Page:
banner ad
banner ad
banner ad

INTERVIEW: James Williamson – October 2014

| 7 November 2014 | Reply

INTERVIEW: James Williamson – October 2014
By Shane Pinnegar

James Williamson 03

As the foil to Iggy Pop’s drug-fuelled mayhem in The Stooges James Williamson survived the early ‘70s proto-punk years, blazing a trail across the United States and into the hearts and minds of a million teenagers with his revolutionary riffs and song writing. The Raw Power album – featuring the title track, Search and Destroy, Gimme Danger, Shake Appeal and more – has stood the test of time, but upon its release in 1973 the album and band were all but ignored. It was just all too much for an America in the throughs of the Vietnam war and they were just too anti-conservative.

That didn’t stop them writing for the follow-up that never came, though: and in true Stooges obstinate fashion they started playing the new songs immediately – Open Up And Bleed, She Creatures Of The Hollywood Hills, I Gotta Right, Rubber Leg, Heavy Liquid and even the establishment-baiting Cock In My Pocket have all gone down in arcane rock n’ roll history as subverted classics through their appearance on countless illicit bootlegs from the tail-end of the bands life, despite never having been officially recorded.

Guitarist James Williamson dropped out of the music business, learnt electronic engineering and enjoyed a fruitful career in that field for a quarter of a century before reuniting with Iggy & The Stooges after Ron Asheton’s death in 2009.

With The Stooges taking the year off the road and out of the studio after a busy four years, Williamson leapt on the opportunity to realise a long-held dream: he’d finally record the follow-up to Raw Power. Iggy Pop wasn’t interested in revisiting the past, so Williamson got The Stooges touring band together to start recording these forty-year-old tracks and invited a diverse range of singers into the fold to deliver the tracks. When band members had other commitments, he brought in some other friends and they finished the sessions.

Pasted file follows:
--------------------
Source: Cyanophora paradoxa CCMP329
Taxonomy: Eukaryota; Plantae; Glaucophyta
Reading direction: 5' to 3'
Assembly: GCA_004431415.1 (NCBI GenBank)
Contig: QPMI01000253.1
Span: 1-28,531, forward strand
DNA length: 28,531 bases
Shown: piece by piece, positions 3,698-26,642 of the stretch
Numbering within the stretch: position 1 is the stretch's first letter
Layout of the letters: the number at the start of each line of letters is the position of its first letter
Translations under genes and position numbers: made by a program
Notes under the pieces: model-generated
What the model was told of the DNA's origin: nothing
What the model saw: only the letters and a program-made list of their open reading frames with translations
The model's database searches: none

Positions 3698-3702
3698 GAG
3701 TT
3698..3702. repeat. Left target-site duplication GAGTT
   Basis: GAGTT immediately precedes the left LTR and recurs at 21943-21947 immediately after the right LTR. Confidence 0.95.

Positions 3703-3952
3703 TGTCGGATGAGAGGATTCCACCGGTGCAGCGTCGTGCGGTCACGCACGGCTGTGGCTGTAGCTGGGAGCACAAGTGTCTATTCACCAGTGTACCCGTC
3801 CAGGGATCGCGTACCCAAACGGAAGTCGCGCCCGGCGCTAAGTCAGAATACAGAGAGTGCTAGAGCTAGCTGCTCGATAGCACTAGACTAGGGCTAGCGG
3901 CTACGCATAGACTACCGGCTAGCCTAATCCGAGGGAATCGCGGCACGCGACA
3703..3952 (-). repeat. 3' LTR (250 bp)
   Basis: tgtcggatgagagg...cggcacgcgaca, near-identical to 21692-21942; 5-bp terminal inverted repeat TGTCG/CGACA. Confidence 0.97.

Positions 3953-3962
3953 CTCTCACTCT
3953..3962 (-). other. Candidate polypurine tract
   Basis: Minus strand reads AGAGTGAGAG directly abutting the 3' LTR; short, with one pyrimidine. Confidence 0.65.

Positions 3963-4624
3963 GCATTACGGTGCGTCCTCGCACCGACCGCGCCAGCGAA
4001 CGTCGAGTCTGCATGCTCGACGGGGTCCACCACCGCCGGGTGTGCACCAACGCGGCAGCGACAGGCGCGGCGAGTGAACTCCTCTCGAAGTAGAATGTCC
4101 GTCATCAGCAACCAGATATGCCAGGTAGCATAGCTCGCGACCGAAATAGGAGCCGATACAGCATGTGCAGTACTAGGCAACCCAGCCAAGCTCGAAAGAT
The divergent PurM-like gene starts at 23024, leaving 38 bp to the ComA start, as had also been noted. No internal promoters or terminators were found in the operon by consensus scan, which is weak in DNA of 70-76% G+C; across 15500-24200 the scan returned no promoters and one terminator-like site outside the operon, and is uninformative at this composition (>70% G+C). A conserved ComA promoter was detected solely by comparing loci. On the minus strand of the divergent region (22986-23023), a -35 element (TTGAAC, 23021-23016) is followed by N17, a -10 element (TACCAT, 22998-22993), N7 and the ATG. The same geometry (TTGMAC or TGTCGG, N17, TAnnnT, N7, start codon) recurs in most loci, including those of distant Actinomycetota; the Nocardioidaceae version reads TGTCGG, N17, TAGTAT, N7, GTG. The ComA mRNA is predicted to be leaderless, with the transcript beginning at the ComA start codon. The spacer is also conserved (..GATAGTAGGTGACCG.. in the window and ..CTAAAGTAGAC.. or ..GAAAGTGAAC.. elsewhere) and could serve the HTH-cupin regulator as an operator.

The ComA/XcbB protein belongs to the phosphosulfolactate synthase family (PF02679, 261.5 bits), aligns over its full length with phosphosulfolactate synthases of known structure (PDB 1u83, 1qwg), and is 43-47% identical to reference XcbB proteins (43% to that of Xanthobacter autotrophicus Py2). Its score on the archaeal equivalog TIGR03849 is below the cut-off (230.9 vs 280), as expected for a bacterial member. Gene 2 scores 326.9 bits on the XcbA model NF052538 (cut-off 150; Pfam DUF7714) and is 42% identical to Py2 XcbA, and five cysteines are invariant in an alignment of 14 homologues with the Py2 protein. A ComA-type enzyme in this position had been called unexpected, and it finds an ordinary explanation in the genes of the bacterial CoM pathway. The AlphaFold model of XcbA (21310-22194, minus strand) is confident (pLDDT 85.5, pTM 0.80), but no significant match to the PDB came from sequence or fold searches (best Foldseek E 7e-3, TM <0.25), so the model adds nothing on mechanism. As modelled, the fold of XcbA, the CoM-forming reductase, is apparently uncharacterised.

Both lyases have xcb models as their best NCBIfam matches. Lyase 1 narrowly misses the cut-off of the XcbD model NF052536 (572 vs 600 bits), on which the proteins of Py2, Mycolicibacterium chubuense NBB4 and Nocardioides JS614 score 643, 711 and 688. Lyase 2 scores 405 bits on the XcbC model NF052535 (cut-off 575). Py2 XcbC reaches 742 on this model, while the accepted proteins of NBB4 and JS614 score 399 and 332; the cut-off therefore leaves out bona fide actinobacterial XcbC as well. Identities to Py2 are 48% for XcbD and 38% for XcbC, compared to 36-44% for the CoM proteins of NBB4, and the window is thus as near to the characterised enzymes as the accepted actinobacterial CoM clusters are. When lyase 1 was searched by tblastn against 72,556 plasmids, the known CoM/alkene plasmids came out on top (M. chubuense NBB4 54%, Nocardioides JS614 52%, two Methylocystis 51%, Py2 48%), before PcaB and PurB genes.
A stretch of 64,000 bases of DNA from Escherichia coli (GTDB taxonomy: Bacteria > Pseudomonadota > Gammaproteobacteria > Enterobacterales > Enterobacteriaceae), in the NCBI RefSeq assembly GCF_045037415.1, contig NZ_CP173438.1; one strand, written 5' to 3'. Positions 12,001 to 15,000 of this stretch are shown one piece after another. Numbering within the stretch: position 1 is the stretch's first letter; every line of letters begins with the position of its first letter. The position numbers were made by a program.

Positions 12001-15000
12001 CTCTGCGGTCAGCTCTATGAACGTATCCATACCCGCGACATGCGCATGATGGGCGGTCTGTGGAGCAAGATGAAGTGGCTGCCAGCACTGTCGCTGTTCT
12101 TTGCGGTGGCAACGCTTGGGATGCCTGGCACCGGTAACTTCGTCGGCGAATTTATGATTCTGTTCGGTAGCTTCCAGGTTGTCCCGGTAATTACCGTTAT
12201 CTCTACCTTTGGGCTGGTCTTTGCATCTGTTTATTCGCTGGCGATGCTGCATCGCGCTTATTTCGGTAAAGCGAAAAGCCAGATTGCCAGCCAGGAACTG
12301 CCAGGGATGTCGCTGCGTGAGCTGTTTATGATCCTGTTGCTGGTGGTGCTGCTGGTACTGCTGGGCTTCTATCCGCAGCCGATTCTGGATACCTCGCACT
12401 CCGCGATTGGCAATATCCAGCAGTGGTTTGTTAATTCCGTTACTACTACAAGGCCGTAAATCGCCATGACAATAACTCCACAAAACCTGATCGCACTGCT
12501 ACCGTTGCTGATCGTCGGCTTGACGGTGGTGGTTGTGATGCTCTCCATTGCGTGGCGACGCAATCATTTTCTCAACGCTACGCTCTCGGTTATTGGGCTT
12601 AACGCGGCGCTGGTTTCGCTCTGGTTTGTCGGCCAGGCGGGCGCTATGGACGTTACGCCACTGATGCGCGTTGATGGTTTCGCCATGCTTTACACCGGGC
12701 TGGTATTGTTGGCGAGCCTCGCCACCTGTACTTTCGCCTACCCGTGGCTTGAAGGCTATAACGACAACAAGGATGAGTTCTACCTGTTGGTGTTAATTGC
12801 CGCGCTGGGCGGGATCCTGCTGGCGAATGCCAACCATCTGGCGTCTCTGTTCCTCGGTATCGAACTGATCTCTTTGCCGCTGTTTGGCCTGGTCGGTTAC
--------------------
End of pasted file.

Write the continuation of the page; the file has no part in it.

“I did about 8 tracks with [Mike] Watt and Toby Dammit and [Steve] MacKay, and then Watt had to go off and play – you know, they have their own bands and side projects and things. Watt was touring Europe, then Toby was [busy], so it didn’t work out where I could use them for the whole thing. Then I was lucky enough to get Simone Marie Butler, the bass player for Primal Scream: she’s amazing. She came in and Michael Urbano, another amazing drummer came in, and Gregg Foreman from Cat Power is playing the keyboards on there. Those guys came in and really brought it. They were amazing to work with.”

Finally, Re-Licked is finished and Williamson couldn’t be happier.

James Williamson - Relicked cover

“Yeah, believe me. I am!” he sighs with relief. “I’m getting down to the little minutia. I’m just about to approve the vinyl and all the manufacturing stuff. I’m very, very happy. It’s been a very taxing experience, but I’m quite proud of it.

“You know, the people that played on it were fantastic to work with. They all are – everybody was – big Stooges fans. They came having grown up with this material really. They all came knowing what the context of everything was and they were having a great time playing it. I think that comes across.”

When it came time to record the vocals, Williamson started with a visit to Austin, Texas to capture the soulful blues voice of Carolyn Wonderland on two tracks: Open Up And Bleed and Gimme Some Skin. Most of the other vocalists made their way to him.

“It was a mixture, but mostly it was live in person,” he explains. “They came to me in LA. In fact, Alison Mossheart even flew from London to come and do those two vocals. She was hardcore, man. She was like, her comment was, ‘I don’t know which I want to do more: to sing on this album or to hear it.’ She came in to really rock it, and she did. She was great.